Where Does Your Development Fall on the Park Experience Index – And Why Does It Matter?
Creating a successful theme park requires viewing the project through the lens of three influential cost categories. The first is the Park Experience Index.
In an earlier Insights article, we began to explore the reasons why theme park development costs so much – and what developers can do to deliver and operate a more cost-effective product.
We explained that the increasing use of technology in theme park attractions – which guests truly desire – has dramatically driven up capital and development costs.
In addition, park guests have certain expectations of their experience that drive up costs. These expectations include immersive story-telling throughout the park’s environment, in ride queues, within attractions, with interactive experiences, in personalized itineraries (apps, fast passes, and VIP perks), and in hotels connected to the park.
They also expect the park to operate 365 days a year instead of seasonally, with no down time for maintenance; a high comfort level that includes enclosed spaces, covered areas, and air conditioning; and food offerings that go beyond the burger, necessitating an increase in kitchen size and complexity.
For parks in high-tourism regions, these costs can be offset by increases in ticket prices and other areas where guests spend within the park, including food and beverage, souvenirs, and gaming.
In parks with a more regionally driven consumer base, we determined that creating a successful theme park requires viewing the project through the lens of three influential cost categories:
- Understanding where a project falls on the Park Experience Index
- Looking at all the variables of Park Programming
- Presenting a strategic Creative Mix
In this article, we will seek to define the first category and answer the question: What is the Park Experience Index?
In essence, the Park Experience Index is a metric which informs us on the value guests derive from a park, measured against the developer’s cost per attendee annually to deliver the experience.
The various types of park – Super Theme Parks, Theme Parks, Studio Parks, Iron Ride Parks, Regional Parks, and Amusement Parks – offer different experiences, and the annual costs per attendee to deliver those experiences varies with each type of park. (See Index below. Note: The terms used to describe each type of park in the Index simply provide a system of measuring the cost and may not match other definitions of those destinations.)
A Super Theme Park is a large, permanent area for public entertainment, with amusements, rides, food, and other attractions – all connected by a single subject. It incorporates highly technical, extremely immersive environments, from the rides and attractions to the retail and dining, with food items that pair well with each experience. Super Theme Parks features immersive rides and shows (or entertainment) based on the stories within that theme.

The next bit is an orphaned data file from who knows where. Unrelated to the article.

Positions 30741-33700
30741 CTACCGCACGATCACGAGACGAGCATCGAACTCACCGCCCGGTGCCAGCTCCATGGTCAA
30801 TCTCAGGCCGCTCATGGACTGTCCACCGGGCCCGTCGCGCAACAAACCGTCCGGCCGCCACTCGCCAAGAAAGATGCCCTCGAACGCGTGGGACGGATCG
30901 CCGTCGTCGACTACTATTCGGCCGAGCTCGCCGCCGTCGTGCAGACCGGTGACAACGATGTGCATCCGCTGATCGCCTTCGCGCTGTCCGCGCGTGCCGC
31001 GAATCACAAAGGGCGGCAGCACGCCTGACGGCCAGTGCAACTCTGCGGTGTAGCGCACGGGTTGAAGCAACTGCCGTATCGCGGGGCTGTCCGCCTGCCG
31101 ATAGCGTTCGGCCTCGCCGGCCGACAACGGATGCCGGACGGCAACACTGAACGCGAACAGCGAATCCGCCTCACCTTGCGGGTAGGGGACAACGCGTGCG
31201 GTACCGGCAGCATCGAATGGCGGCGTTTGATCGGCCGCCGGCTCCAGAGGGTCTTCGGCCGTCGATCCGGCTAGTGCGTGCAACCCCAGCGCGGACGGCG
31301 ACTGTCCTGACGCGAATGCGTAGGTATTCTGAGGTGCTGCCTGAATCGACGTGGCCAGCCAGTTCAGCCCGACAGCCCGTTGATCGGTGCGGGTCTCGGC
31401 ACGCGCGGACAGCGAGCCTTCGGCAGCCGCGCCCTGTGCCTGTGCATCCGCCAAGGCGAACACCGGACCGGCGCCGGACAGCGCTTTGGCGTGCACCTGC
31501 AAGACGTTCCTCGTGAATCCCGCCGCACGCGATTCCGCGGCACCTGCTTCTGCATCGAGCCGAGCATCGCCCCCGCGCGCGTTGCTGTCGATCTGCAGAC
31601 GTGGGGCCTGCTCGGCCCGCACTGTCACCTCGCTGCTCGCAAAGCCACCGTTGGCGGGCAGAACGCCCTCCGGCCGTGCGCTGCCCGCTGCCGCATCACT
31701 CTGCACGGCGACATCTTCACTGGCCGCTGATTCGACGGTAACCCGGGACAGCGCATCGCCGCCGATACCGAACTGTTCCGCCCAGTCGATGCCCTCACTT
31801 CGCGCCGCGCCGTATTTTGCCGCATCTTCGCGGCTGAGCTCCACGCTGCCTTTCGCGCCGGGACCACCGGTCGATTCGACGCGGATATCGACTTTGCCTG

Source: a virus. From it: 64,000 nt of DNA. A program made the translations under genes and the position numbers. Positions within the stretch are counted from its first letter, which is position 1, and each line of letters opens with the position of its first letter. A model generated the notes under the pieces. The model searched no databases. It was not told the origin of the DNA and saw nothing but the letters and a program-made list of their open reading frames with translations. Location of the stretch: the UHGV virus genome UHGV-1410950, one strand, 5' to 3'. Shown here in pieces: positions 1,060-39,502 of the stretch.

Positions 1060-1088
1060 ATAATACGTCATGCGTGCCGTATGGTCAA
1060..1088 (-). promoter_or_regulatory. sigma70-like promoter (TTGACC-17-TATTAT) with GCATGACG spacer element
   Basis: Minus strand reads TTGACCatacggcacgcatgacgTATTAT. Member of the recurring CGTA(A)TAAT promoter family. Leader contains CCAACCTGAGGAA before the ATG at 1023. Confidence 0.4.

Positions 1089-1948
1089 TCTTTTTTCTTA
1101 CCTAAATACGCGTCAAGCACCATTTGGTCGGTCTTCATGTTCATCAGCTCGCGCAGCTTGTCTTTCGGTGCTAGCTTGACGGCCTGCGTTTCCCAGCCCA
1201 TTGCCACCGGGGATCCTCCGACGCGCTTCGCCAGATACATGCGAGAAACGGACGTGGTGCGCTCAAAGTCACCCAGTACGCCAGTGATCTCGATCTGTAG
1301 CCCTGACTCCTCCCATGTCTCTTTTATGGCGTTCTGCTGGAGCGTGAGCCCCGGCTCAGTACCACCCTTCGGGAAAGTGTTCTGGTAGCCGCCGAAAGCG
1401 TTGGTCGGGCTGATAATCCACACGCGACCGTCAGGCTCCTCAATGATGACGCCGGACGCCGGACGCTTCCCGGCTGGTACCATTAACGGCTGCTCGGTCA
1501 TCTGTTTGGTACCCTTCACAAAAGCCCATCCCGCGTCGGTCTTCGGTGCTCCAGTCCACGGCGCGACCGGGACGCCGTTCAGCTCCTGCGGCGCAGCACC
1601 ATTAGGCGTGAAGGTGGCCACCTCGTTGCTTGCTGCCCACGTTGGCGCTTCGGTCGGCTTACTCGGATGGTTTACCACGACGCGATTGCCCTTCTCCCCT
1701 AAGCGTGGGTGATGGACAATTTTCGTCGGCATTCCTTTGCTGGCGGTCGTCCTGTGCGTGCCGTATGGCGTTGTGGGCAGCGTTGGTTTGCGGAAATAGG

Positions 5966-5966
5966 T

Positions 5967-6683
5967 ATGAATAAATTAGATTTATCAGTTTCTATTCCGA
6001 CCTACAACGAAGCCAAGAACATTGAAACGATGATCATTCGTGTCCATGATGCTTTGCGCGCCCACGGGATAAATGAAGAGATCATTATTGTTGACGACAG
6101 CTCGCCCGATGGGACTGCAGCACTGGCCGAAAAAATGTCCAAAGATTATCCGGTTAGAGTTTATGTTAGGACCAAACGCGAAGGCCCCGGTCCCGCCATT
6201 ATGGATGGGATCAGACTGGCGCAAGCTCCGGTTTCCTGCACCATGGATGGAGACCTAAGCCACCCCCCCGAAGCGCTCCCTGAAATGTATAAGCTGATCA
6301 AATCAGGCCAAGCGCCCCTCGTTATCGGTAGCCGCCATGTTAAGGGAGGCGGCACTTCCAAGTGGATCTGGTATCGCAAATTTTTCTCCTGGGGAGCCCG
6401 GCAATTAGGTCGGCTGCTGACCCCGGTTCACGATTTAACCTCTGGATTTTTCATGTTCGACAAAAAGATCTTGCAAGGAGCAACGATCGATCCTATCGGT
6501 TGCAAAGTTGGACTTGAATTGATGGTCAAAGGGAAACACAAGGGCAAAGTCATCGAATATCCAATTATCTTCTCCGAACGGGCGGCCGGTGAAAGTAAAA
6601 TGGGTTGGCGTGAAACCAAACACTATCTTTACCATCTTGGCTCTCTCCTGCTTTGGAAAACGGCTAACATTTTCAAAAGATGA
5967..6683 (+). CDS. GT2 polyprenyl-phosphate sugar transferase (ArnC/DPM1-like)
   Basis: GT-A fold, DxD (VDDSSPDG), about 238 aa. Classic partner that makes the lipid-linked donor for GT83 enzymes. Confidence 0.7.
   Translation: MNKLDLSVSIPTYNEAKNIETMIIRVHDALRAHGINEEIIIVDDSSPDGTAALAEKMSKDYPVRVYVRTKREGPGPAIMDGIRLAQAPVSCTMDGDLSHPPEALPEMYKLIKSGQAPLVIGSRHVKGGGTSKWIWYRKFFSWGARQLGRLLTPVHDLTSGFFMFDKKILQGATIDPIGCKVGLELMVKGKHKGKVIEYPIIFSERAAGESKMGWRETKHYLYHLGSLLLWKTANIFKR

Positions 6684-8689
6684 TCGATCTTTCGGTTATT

A Theme Park is similar to a Super Theme Park in that rides and attractions, retail, and dining are based on stories within a particular theme; however, Theme Parks provide an immersive environment utilizing less technical methods than Super Theme Parks do.
Both Super Theme Parks and Theme Parks feature themed restaurant and retail buildings with mostly interior seating, exit and specialty shops, and guest services that include lockers, changing rooms, specialty amenities, shaded areas, and secure parking.
But the cost per annual attendee to develop, design, and build a Theme Park experience ranges from $325 to $425, while the annual cost per attendee to deliver a Super Theme Park experience ranges from $450 to $550 – a significant difference due to the high use of technology in Super Theme Parks.
A Studio Park features the characters and stories owned by a particular entertainment studio. Its attractions include live simulated studio events and simple studio architecture, exit and specialty retail shops, studio-themed eateries comprising simple buildings with mostly interior seating, and guest services that include lockers, changing rooms, specialty amenities, shaded areas, and secure parking. The cost per annual attendee to deliver this experience ranges from $200 to $300.
An Iron Ride Park offers outdoor round and roller-coaster rides, minimal retail (mostly carts), and possibly rides, games, and food stands all built near each other within a defined area. Eateries consist of minimal simple buildings with mostly exterior seating, food carts are in abundance, and secure parking is offered. Cost per annual attendee to deliver this experience is $100 to $175.